Friday, December 28, 2007

Creative Giving
Do you need a new pair of shoes? Sneakers, loafers, heels, sandals, whatever? Of course you do. If you're like me, you need a new pair just about every month - I have so many of those little desiccant packets piled up in my apartment I could completely sandbag the Potomac's flow if I wanted...

...but enough about me, back to you and your needs - Do you also like to give to charity without actually giving away any of your money? (insert you nodding in agreement here).

Well then, have I got a deal for you. Follow any link on my site to and 17% of what you spend on that site will be sent to me and donated directly to Dana Farber Cancer Institute.

Since I don't have any companies stepping up to help sponsor the Run 192 cause yet, I used a little creative thinking to arrange for this deal. Basically they pay a 17% sales commission to anyone who puts their logo/link on their blog. You just need to follow the link to their site from my blog for the credit to go to the Run 192 cause. It's that simple.

The additional good news is, is a fantastic site. I buy 90% of my running shoes from them already...they have so many great brands, and with no tax or shipping fees, it's almost impossible to find a better deal. Also, about once a month they offer a 20% off sale (I'll let everyone know when they come up), and when you combine that with all the other discounts on the site, you're paying waaaaay below store prices.

You runners out there should check out the deals on the Brooks, Asics, and Sauconys. I'll be sure to alert everyone when the 20% off sale for January kicks in (probably on MLK Jr. weekend), and you'll get yourself a killer deal while also giving to Cancer Research!!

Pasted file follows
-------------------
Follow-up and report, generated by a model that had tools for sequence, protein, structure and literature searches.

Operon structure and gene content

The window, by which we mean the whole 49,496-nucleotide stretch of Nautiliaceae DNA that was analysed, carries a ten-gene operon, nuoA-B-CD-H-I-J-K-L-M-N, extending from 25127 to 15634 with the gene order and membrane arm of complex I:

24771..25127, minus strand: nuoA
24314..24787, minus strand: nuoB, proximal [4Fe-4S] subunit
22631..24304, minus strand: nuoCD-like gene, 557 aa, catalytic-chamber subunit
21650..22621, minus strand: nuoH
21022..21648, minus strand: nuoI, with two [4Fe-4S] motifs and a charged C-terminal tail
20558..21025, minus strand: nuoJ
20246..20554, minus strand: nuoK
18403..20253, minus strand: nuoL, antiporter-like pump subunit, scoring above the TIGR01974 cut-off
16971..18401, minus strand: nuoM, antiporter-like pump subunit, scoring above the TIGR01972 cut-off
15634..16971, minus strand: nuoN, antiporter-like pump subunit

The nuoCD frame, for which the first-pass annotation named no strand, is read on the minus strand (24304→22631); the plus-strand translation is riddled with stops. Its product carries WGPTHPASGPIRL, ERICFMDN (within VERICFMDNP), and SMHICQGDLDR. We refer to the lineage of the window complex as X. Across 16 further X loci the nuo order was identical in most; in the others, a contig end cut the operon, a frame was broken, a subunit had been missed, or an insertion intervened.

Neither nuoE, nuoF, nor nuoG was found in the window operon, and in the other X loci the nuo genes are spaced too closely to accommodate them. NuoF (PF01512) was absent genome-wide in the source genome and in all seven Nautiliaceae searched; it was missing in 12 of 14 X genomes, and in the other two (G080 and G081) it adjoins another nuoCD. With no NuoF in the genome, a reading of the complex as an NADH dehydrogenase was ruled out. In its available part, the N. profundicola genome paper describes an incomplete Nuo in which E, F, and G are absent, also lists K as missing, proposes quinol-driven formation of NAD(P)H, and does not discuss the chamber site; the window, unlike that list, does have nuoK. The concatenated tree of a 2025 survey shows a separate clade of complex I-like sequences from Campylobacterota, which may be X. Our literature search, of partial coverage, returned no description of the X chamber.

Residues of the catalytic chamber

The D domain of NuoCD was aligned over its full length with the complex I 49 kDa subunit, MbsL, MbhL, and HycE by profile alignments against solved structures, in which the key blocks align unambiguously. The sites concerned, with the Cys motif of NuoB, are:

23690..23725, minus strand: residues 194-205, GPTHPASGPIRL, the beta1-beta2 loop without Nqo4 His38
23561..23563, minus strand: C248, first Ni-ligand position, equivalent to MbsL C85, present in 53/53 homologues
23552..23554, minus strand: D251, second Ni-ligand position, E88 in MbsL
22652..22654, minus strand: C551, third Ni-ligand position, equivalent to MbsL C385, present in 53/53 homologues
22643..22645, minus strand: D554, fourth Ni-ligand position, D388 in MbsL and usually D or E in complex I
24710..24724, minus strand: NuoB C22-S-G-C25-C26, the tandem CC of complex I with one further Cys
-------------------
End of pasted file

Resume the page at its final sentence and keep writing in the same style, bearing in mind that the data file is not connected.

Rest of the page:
Thursday, December 27, 2007

2007 Year in Review

Now that 2007 is in the books, it's time for me to look back over my first full year as an ultra runner and see what I've learned. Here's a handy Top 10 list for your review:

The Idiots Guide to Ultra Running: What I learned in my first year

10) My right knee is a vengeful knee
This picture was taken at the finish line of my first 50 Miler. A sharp, constant pain in my right knee was a huge issue to deal with while training for/running this race, so I let it know how I felt about it...

...and this one was taken about 3 months later when ol' Righty's revenge forced me into surgery...I guess he had the last laugh. The jerk.

9) Marketing Guys Brainstorm Together
I do a lot of research on the various food/beverages out there for Ultra runners, and I've discovered that no matter what a product does, it will invariably be named something like "EnduraStride" or "Infiniti Fuel" or "ForeverAde". Apparently it's all about the name. Given that fact, I think the entire Ultra community can be sure it will never see an ad for "Slow Guy Ultra Gravy" in any industry magazine.

8) These Races Start Waaaaay Too Early in the Morning
I used to worry about getting quality sleep before a regular marathon. I'd always turn the lights out early but invariably toss and turn and fight to get a few hours of sleep. The good news is, all those worries are long gone in the 100 Mile world. You never have a chance to get any sleep at all before these things kick off, so it's useless to even try. The Vermont 100 started at 4 a.m.. This meant I had to get up at 3 a.m. - Here's what it looks like at 3 a.m. ...Good times.

7) Trails are Dirty
...but don't worry, the ladies think dirt/tan lines are really sexy....